Roosevelt’s New Deal began a period that became known as managerial capitalism, in which governments and businesses were run by a technocratic managerial class isolated from what were seen as the distractions of urban life.  It was extremely successful and made the United States a model for developing countries: it inspired the Estado Novo, or New State, in Brazil, which was not overturned until the military coup in 1964. General Motors was at the forefront of this: as part of their very substantial war effort they commissioned Eero Saarinen to design a beautiful management centre in the prairies of Warren, Michigan, far from Detroit where production actually occurred.  The pinnacle of General Motors’s success came in 1956, when the centre was inaugurated by President Dwight D. Eisenhower.  A few days later Eisenhower signed the Federal-Aid Highway Act that established the enormous road system predicted in Futurama.

Lucio Costa and Oscar Niemeyer - Congresso, Brasilia

The competition for Brasilia, at the end of 1956, came when managerial capitalism, and highways, were seen as absolutely unchallenged directions for the future of government and business.  Brasilia was intended to be a rural idyll, far from the pleasures and temptations of Rio, for a small group of elite political managers.  This did not end well, for either General Motors or Brazil.  General Motors drifted into bankruptcy and international irrelevance specifically because managers were separated from the messy realities of production and urban life, and Brazil suffered a military coup.  The publication of ‘The Death and Life of Great American Cities: The Failure of Town Planning’ by Jane Jacobs in 1961 signalled a new understanding of urban politics and economics.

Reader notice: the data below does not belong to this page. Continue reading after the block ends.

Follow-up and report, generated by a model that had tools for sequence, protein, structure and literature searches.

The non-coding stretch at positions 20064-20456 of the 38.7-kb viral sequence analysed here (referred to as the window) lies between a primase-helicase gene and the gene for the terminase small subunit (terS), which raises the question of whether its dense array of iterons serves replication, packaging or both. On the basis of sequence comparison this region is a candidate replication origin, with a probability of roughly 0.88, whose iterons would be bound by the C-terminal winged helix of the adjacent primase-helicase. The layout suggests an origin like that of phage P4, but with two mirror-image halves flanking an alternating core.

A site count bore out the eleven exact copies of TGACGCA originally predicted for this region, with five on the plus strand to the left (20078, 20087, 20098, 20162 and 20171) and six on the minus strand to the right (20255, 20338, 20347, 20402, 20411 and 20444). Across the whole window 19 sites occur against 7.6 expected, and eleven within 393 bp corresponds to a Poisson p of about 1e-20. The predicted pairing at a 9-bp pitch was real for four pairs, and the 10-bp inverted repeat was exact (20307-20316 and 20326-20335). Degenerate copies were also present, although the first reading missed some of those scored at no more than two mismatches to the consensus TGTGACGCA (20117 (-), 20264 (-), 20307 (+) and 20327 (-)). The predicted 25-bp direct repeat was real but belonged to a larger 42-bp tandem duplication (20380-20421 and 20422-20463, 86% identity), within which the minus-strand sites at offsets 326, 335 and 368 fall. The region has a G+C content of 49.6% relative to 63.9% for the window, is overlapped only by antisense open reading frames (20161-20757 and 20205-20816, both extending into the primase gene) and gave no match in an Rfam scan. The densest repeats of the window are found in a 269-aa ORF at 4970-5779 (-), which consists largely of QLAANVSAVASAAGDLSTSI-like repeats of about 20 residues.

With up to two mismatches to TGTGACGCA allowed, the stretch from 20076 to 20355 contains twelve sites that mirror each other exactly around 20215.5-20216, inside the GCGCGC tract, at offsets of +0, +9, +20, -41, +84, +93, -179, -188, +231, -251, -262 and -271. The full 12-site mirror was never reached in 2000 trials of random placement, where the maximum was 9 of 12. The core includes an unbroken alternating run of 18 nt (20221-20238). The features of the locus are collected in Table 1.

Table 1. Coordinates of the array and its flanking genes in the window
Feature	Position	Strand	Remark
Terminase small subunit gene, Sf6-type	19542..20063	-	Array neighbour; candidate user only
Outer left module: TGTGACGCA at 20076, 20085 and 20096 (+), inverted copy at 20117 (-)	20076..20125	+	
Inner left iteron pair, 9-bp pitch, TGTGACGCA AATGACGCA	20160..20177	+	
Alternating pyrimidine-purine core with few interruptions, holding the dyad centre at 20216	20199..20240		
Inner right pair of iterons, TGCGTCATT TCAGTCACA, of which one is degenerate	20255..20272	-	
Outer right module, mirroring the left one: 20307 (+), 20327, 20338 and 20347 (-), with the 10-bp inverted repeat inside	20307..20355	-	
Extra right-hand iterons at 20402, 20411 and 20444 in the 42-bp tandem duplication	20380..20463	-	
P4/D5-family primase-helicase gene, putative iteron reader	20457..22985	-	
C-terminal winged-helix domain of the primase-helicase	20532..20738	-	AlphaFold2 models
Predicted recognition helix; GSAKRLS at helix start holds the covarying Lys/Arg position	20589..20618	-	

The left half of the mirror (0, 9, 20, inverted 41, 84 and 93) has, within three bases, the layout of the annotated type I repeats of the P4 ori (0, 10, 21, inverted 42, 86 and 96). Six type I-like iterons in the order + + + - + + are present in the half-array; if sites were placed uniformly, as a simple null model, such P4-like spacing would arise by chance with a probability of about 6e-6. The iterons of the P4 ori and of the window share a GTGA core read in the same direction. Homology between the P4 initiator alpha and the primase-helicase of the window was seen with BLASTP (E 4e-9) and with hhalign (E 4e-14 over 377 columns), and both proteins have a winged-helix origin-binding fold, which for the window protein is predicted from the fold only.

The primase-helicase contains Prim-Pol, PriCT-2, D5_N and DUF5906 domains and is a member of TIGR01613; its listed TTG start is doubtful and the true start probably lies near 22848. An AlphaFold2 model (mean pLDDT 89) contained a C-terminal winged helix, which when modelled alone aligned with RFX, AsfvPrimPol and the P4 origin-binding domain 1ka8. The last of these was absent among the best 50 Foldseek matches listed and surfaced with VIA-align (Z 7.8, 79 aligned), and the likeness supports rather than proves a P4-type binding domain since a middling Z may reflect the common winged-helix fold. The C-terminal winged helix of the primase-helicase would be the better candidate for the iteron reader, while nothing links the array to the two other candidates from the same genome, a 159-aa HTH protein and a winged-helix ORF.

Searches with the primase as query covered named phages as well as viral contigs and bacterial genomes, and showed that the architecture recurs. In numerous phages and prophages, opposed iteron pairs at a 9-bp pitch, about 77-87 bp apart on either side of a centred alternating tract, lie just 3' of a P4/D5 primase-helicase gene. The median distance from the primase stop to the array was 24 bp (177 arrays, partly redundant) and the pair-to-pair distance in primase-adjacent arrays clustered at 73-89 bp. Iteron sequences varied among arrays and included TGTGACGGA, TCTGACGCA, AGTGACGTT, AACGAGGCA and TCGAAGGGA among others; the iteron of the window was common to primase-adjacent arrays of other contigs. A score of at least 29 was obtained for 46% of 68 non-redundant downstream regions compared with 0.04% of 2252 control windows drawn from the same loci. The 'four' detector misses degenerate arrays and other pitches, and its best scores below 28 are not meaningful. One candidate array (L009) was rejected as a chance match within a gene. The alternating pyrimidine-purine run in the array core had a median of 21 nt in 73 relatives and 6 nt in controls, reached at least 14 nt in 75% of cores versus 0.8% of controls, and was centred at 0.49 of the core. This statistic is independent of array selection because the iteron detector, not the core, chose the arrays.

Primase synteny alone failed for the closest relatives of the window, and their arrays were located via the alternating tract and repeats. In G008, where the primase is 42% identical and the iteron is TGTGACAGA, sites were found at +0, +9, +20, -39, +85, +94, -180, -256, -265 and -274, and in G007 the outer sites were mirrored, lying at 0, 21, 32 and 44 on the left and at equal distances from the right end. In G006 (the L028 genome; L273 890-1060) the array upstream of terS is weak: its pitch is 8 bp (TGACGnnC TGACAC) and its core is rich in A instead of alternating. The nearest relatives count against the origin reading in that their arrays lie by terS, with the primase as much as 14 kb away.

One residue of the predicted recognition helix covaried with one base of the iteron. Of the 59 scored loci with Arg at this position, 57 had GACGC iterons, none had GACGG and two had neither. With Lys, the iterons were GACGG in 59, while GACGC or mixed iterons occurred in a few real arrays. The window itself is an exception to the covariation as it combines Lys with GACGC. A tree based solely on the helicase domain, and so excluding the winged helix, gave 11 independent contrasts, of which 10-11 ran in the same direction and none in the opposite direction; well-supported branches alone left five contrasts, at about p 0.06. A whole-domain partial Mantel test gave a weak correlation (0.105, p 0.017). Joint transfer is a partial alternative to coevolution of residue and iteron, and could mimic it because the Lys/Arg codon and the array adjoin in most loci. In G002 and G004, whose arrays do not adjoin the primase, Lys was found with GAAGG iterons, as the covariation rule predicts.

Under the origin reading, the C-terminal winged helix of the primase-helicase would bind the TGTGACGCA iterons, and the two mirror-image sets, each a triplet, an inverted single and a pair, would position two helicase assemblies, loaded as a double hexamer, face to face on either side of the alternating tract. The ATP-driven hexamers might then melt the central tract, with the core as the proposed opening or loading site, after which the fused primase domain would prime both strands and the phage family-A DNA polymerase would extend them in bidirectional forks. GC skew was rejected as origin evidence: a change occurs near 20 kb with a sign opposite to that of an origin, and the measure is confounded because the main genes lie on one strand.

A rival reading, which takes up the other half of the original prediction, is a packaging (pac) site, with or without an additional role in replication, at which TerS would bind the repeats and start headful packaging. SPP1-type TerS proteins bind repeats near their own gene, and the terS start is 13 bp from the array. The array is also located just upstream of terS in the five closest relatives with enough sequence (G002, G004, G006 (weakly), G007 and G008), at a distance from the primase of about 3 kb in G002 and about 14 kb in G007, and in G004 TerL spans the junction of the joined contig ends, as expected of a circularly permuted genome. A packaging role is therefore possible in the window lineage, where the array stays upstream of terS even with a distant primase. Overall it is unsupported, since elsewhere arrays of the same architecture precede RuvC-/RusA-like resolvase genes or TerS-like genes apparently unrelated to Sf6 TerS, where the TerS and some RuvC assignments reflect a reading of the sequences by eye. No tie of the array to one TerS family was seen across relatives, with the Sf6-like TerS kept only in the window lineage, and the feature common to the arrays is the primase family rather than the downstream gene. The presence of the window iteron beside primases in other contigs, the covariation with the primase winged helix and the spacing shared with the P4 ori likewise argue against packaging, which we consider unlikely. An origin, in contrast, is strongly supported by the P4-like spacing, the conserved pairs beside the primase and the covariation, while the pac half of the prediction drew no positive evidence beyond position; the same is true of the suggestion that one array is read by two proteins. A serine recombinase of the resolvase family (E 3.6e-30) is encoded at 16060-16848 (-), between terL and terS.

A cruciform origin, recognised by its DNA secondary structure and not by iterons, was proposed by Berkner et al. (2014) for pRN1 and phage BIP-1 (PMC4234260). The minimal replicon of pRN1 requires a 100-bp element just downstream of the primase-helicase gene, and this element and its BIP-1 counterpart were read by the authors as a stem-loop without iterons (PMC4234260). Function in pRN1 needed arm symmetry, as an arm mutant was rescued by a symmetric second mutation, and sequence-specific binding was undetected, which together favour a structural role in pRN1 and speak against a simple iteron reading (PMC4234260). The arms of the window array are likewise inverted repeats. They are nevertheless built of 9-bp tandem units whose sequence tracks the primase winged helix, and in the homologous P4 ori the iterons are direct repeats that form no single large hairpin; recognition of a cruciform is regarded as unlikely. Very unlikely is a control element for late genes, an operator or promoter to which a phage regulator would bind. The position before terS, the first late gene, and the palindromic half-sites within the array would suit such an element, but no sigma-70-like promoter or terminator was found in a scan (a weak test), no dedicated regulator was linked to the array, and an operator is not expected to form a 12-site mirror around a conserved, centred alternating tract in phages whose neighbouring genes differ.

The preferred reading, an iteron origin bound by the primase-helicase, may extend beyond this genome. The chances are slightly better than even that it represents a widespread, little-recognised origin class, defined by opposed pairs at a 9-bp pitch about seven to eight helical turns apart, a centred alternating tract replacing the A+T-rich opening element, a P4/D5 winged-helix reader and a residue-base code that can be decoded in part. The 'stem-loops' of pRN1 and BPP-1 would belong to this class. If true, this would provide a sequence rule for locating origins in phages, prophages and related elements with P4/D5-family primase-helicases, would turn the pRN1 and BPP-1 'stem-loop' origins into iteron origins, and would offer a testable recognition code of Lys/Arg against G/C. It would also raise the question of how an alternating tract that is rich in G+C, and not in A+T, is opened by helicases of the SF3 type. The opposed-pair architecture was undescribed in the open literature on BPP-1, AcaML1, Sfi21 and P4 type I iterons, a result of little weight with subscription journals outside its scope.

Brasilia was regarded, rightly, as an astonishing accomplishment when it was inaugurated in 1960. The next president, unfortunately, sacked Costa, Niemeyer and Burle Marx and construction drifted to a halt when only about one-twentieth of the city was actually built.  A sad and chaotic period ensued until the equally charismatic and cultured Fernando Henrique Cardoso became President in 1985 and the city was listed as a UNESCO World Heritage Site in 1987.  Since then, its structure preserved, it has undergone several stages of renovation and is now the centre of a very prosperous metropolitan region of about 3 1/2 million inhabitants, a true city.

Oscar Niemeyer - Palacio da Alvorada, Brasilia

Brasilia was intimately bound up in the political theory of management which brought unparalleled success to the United States in general, and General Motors in particular, in the 1940s and 1950s.  We can now recognise the success of the urban plan, the brilliant buildings and wonderful landscapes without in any way seeing them as uncritical models for the future development of the city.  The inhabitants would certainly agree: it is one of the fastest growing cities in Brazil, and has developed a culture unique to its high, dry and isolated plateau.

Thomas Deckker is Senior Architect at Veretec. He is also a Fellow of the Geddes Institute of Urban Design at the University of Dundee, a visiting researcher at the Brazil Institute, King’s College London, and a member of the research steering committee of the School of Architecture at the Royal College of Art, London.